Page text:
In this investigation, a basketball was dropped from a certain height (2.24m), and its displacement was measured over a short period of time (approximately 5 seconds) using an ultrasound distance sensor which was fixed directly above. The basketball weighed 602g and had a diameter of 24.2 cm. The sampled data was recorded and used to plot various graphs.
Table of Data (1,2):
The recorded data is shown in the table, along with the displacement from the ground, velocity, acceleration, gravitational potential energy, kinetic energy and total energy. Although 99 samples were taken altogether, the last 8 have been discarded as the readings after that point became erratic.
Displacement/Time graph (3):
This graph shows the displacement of the basketball from the sensor. Each separate bounce is clear to see.
Displacement/Time graph (4):
This graph also shows displacement, but it shows the displacement from the ground, which is easier to interpret. It is noticeable that at the point where the ball should be touching the ground, it is not quite. This is because, although the ball bounced mainly vertically, the floor was not perfectly flat and so an element of sideways movement was introduced. Therefore the ball moved slightly away from the sensor horizontally.
Velocity/Time graph (5):
This graph shows the velocity of the basketball. The values for its velocity were worked out by calculating the gradient of the displacement/time graph at every point. As is shown by the straight lines, the acceleration is constant during the time when the ball is in the air. This also shows that the air resistance was constant throughout the bounce, or the changes were so negligible that they made no visible difference
Acceleration/Time graph (6):
This graph shows the acceleration of the basketball. The values for acceleration were worked out by calculating the gradient of the velocity/time graph at every point. The acceleration is constant, at about -9.6m/s, except for when the ball is touching the floor, when the acceleration is radically different.
GPE/Time graph (7):
This graph shows the ball’s gravitational potential energy. This is worked out using the equation GPE = mass x g x height. As there is a direct relationship between GPE and height (g and mass being constants), the graph has exactly the same shape as the displacement graph.
KE/Time graph (8):
This graph shows the kinetic energy of the ball. It is worked out using the equation KE = 1/2 x mass x velocity2. Some of the peaks on this graph (where the ball hits the ground) are ‘split in two’. If there was a higher sampling rate, all of the peaks would be split like this, and the split would extend all the way to 0. However, during the actual bounce, the ball is only at 0m/s for an immeasurably short time. Therefore, if samples are taken either side of this point when the ball is travelling at its fastest, it can give the appearance that the ball never slows down when it hits the ground.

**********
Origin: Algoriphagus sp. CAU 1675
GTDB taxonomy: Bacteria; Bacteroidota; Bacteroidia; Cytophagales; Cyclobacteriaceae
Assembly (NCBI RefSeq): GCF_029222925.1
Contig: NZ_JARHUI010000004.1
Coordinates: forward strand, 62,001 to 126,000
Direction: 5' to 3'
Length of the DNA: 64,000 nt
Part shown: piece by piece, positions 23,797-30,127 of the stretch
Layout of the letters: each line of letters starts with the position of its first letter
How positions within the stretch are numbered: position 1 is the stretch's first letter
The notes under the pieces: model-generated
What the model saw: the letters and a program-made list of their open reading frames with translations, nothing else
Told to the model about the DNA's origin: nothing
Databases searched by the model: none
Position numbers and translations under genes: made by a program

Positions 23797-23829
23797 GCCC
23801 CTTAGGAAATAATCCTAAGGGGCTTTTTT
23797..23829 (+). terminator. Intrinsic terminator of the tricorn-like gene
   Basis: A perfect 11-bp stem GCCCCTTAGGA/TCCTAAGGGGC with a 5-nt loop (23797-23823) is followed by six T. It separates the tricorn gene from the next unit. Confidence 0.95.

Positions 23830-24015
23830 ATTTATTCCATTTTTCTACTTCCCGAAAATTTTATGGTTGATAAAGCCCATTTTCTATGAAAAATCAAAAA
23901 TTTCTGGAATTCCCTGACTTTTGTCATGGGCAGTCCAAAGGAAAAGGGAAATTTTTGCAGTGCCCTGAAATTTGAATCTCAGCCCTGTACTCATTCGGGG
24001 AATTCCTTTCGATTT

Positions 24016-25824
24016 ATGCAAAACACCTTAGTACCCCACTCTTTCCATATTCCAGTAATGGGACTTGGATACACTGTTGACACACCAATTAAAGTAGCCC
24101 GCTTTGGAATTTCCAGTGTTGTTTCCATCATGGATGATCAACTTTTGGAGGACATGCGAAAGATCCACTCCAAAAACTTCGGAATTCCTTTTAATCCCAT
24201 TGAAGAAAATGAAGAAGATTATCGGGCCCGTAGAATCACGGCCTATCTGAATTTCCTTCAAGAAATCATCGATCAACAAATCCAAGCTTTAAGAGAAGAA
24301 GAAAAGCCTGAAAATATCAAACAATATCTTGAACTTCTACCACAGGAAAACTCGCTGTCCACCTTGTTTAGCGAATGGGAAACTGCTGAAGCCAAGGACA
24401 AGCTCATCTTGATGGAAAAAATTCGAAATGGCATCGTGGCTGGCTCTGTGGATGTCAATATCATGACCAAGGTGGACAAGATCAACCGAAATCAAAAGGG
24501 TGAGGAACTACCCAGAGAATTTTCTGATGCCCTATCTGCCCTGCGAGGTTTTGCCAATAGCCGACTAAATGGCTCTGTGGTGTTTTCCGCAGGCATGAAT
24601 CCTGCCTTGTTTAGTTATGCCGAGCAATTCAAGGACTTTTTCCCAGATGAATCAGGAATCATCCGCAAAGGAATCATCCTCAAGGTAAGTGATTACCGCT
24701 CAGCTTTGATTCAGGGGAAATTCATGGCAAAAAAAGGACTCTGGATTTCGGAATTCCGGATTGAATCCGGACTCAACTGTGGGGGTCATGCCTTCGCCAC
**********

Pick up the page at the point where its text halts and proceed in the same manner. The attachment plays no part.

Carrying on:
Total Energy/Time graph (9):
This graph shows the total energy of the ball. It can be worked out by adding the GPE and KE together. The only time when this does not work is during the bounce when the ball is touching the floor, and the energy is converted into elastic strain energy. From the graph it is easy to see how the ball loses some of its energy on each bounce, as is shown by the ‘steps’.
The air resistance can be calculated by resolving all the different forces. The equation gained from resolving can then be solved. (a is taken from a point on the acceleration graph)
R ( ) : mg + F = ma
0.602x-9.8 + F = 0.602x-9.6
-5.8996 + F = -5.7792
F = 0.1204N
Energy Lost On Each Bounce:
This can be worked out simply by finding the change in GPE, which at the peak of the bounce is equal to the total energy, from one bounce to the next.
1st to 2nd: change in GPE = 10.49888 – 7.48286
Percentage of energy lost = 28.727%
2nd to 3rd: change in GPE = 7.48286 – 5.2976
Percentage of energy lost = 29.204%
3rd to 4th: change in GPE = 5.2976 – 3.89494
Percentage of energy lost = 26.477%
It is apparent that the same proportion of energy is lost on each bounce, approximately 28%.